I Wrote This On My Sabbath

“We have what we seek,
it is there all the time, and if we give it time,
it will make itself known to us.” — Thomas Merton

“The sole cause of man’s unhappiness is that he does not know how to stay quietly in his room.” — Blaise Pascal

“By ceasing for a moment to consider my own wants I have begun to learn better what I really wanted.” — C.S. Lewis


Author’s Note: While this article is written primarily to Christians, I believe anyone can benefit from learning and instilling a practice of the Sabbath in their life, and I would encourage those who aren’t of faith to still read it for that purpose.


Alright, I have a confession to make…

… I lied. I actually didn’t write this on my Sabbath.

But, I would venture to say that more of you were offended by the fact that I lied instead of the potential fact that I had written this blog on my Sabbath… and that’s the reason for this article.

The Law

The Ten Commandments are forever sealed into our hearts and minds as the Law of God. They are memorized and depicted in every Sunday School class across the nation, helping millions of children understand that God is against lying, stealing, cheating, and everything in-between.

As we know from Jesus’ words and the New Testament, the Old Covenant that God instituted through Moses on Mt. Sinai has been fulfilled in the life, death, and resurrection of Jesus Christ. The Old Covenant—the Law—has been completely and perfectly fulfilled by the person of Jesus, thus we are no longer “under the law.”

Many often wonder or ask if the 10 Commandments still apply today? The answer (that can be debated) is: yes and no. God’s ways are always best—as the Creator and Sustainer of the world, He knows how we best operate and how we can be most blessed in life. Thus, what He prescribes will always be for our ultimate good and His ultimate glory.

Jesus did not come to abolish the law, but to fulfill the law. God, through His son Jesus, no longer requires us to offer animal sacrifices for every sin or every failure to abide by His law. Instead, He has accepted the sacrifice of His son—Jesus—as the once and for all payment for our sins, for whosoever believes in Him.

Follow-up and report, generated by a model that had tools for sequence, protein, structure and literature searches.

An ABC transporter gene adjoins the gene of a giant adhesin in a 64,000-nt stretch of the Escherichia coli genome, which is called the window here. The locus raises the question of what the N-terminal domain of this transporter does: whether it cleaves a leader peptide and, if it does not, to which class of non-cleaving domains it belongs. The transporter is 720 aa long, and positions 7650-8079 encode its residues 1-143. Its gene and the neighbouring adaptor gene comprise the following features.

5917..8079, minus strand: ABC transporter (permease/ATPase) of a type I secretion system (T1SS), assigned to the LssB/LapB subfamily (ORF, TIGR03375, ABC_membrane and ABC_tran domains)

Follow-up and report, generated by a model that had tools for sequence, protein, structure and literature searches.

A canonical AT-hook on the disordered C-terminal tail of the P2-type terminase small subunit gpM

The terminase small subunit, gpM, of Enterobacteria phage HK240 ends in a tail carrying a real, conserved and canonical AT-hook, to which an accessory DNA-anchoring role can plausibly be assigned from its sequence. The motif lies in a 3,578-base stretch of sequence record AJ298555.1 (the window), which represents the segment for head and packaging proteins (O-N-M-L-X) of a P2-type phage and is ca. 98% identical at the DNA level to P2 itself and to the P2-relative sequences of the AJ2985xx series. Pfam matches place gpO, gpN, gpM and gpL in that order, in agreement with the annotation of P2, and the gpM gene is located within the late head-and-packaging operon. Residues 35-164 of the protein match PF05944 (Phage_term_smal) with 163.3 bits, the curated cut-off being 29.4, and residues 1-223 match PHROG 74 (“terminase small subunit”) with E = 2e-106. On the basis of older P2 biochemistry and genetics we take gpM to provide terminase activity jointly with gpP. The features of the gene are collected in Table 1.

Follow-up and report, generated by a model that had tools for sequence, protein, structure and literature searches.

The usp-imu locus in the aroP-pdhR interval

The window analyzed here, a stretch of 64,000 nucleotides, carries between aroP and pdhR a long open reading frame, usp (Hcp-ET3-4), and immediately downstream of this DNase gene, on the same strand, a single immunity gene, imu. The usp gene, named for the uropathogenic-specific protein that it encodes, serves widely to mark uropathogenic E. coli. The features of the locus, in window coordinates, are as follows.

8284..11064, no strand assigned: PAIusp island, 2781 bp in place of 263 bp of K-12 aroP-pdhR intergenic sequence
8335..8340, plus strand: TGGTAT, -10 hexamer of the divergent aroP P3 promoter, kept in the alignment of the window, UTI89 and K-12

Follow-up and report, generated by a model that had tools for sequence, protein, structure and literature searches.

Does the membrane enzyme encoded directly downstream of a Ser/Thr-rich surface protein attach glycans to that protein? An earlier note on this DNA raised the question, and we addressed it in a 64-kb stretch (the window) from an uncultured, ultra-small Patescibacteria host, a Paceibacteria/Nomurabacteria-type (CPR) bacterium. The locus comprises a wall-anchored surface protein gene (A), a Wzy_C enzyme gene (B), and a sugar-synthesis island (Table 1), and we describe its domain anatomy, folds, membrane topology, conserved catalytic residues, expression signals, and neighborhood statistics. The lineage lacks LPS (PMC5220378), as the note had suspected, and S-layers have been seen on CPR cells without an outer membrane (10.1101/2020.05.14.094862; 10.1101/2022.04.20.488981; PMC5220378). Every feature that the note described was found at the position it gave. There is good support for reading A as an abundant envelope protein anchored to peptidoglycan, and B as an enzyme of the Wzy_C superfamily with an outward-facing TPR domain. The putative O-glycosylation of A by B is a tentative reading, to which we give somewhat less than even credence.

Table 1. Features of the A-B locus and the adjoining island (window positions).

Yet, as Jesus said Himself, God doesn’t just care about the letter of the law, He cares about the “spirit of the law.” It’s not just about the act of committing adultery with someone, it’s about the thought of committing adultery—the committing of adultery in your heart.

God cares way more about the right heart than the right actions, because out of the right heart flows the right actions.

While God no longer requires us to keep His law through the sacrificial system of the Old Covenant, He still desires for us to honor Him in our hearts by keeping the spirit of the law, in response to what He has done for us. God’s way, the way of grace, is always about receiving and responding to what we have been given. Salvation is a free gift of God by faith in Christ through the power of the Spirit—and once we have received that gift, we’re left with no other option other than to respond with lives of faith, love, and obedience.

The Forgotten Commandment

Back to the title.

Out of the Ten Commandments given by God, there is one command in particular that our society and culture within Christianity, especially here in America, has been turning a blind eye toward. This is none other than the Fourth Commandment: “remember the Sabbath day, to keep it holy.” (Deuteronomy 5:12-15)

The reason why we are more offended in discovering that someone lied instead of finding out that someone worked on their Sabbath is because we have conveniently determined which commandments should matter and which shouldn’t. “Forgetting” is the most sinister of blemishes because it puts on a front of innocence, and my goal is to steal that innocence from you upon reading these words.

Out of all the commands God gave, the Sabbath is certainly not of lesser importance in His eyes. In fact, the Sabbath was so important to God that He had Moses reemphasize it’s necessity by including further instruction to Moses in Exodus 31:12-18, instructing him to tell the people of Israel that: “above all you shall keep My Sabbaths, for this is a sign between Me and you throughout your generations, that you may know that I, the LORD, sanctify you. You shall keep the Sabbath, because it is holy for you. Everyone who profanes it shall be put to death.” God is serious about the Sabbath’s importance.